This is a strange life we lead, where we live in a place for two or three years, and then move on to some place entirely different with the very real possibility we'll never return to the previous post. In some ways Russia was a huge part of our lives, and in other ways it seems almost surreal, like it never happened at all. Some of my memories of Russia are already starting to feel like a dream. But I made real friends in Russia, and Jack spent a quarter of his life there. I also learned a lot about myself during our first tour. So even though we've left Russia, probably for good, I know I'll always carry a little bit of Russia with me.
Today John gave me a set of postcards from my friend Barbara, who is just finishing up her first year in Yekaterinburg. I don't have a lot of mementos from my time there - a couple of small oil paintings I bought with Barbara just before I left, a piece of local stone from our nanny, and the random pieces of clothing I purchased while there are pretty much it. But these postcards really touched me in a way I didn't expect. One of them appears to be of the apartment building we lived in, actually, and although the picture is far more peaceful and picturesque than the real thing (our corner was generally congested with traffic and either muddy or covered in snow), it reminds me of some of the things I liked most about Yekat: the girls on their horses, giving rides to children outside the zoo; the black and gray hooded crows that cawed noisily in the trees; the old wooden buildings in Yekat that contrast so starkly with the modern concrete and steel structures. (Of course I don't recall any particularly beautiful sunsets; the sun rarely got above the buildings all winter long, and I was asleep for most of the sunsets during the rest of the year!)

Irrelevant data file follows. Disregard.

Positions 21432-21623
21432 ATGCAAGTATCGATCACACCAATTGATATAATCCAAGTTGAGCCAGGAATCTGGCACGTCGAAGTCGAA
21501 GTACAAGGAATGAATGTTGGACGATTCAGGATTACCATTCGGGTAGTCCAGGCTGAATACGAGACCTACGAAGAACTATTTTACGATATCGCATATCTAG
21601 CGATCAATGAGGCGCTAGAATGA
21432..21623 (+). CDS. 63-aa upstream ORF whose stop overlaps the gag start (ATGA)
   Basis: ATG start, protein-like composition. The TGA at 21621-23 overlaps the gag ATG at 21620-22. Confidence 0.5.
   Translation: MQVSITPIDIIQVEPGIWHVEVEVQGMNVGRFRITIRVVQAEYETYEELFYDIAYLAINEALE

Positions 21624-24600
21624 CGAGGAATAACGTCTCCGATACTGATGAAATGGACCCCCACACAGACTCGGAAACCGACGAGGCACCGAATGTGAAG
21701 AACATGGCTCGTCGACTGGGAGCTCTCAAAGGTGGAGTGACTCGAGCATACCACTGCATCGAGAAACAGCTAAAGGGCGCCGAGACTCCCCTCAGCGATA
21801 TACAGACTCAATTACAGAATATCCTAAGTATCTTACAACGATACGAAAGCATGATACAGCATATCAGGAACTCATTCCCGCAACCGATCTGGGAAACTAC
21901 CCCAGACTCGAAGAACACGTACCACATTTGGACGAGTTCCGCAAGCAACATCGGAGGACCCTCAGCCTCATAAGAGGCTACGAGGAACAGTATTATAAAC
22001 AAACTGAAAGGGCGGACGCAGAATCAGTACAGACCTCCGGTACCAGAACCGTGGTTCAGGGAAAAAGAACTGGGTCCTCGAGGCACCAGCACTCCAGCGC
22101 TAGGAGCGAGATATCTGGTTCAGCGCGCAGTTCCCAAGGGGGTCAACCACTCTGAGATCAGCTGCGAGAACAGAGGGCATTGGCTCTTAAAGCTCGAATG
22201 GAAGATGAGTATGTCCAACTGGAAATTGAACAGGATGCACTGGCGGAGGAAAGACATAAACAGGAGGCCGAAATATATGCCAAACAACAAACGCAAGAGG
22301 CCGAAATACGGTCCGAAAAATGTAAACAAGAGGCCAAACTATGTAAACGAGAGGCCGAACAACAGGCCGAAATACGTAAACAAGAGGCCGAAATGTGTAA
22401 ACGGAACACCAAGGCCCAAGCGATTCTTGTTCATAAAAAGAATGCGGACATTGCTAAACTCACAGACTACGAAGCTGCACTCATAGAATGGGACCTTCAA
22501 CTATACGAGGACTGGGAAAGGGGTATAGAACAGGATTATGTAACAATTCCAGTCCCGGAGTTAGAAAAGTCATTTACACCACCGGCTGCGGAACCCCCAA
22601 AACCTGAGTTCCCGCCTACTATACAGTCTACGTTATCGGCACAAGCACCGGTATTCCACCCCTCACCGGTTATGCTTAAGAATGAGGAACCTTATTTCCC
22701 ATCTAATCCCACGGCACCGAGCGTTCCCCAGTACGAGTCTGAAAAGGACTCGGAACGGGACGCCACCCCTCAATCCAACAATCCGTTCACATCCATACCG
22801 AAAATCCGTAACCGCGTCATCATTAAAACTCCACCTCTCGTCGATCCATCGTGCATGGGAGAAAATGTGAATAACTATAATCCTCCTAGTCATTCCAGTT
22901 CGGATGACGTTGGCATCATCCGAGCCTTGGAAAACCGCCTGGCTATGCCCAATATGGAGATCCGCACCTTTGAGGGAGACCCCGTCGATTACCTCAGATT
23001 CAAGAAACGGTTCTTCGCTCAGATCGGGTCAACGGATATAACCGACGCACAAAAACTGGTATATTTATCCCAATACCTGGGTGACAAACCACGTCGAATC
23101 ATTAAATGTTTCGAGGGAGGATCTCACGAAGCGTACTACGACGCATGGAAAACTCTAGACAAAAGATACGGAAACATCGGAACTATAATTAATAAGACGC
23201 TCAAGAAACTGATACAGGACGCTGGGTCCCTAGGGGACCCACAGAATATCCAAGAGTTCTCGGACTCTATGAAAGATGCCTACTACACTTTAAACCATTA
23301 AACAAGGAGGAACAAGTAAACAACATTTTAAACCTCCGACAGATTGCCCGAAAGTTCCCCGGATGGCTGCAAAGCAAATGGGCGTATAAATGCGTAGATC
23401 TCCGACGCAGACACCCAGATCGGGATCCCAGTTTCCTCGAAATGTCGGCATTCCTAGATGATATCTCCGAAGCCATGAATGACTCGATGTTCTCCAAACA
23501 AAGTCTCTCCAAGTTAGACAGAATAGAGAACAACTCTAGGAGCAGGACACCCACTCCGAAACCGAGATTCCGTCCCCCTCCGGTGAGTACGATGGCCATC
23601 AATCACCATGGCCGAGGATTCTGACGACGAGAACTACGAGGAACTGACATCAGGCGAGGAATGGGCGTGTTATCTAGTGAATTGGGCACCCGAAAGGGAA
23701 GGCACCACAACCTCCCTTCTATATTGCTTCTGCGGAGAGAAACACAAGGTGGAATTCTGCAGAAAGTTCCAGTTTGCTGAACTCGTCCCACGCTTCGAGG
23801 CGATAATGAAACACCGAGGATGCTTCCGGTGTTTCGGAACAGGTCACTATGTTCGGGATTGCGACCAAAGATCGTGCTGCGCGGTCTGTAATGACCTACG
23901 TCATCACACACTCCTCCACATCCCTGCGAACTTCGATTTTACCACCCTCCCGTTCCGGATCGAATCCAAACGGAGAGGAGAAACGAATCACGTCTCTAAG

|I swear that's our building on the left!|
I won't lie - our time in Russia wasn't easy. Yekaterinburg was not the ideal first post for many reasons, and while I don't believe in regret, I also can't help wondering how things might have turned out if we'd gotten MY first choice for our post (oh Prague, I'll get to you some day!). My only hope is that we left the Consulate a little better than when we found it, and that the relationship between Russia and America improves again soon.
So I guess this is goodbye, Russia. Thanks for the memories, and if we meet again, may it please be in St. Petersburg!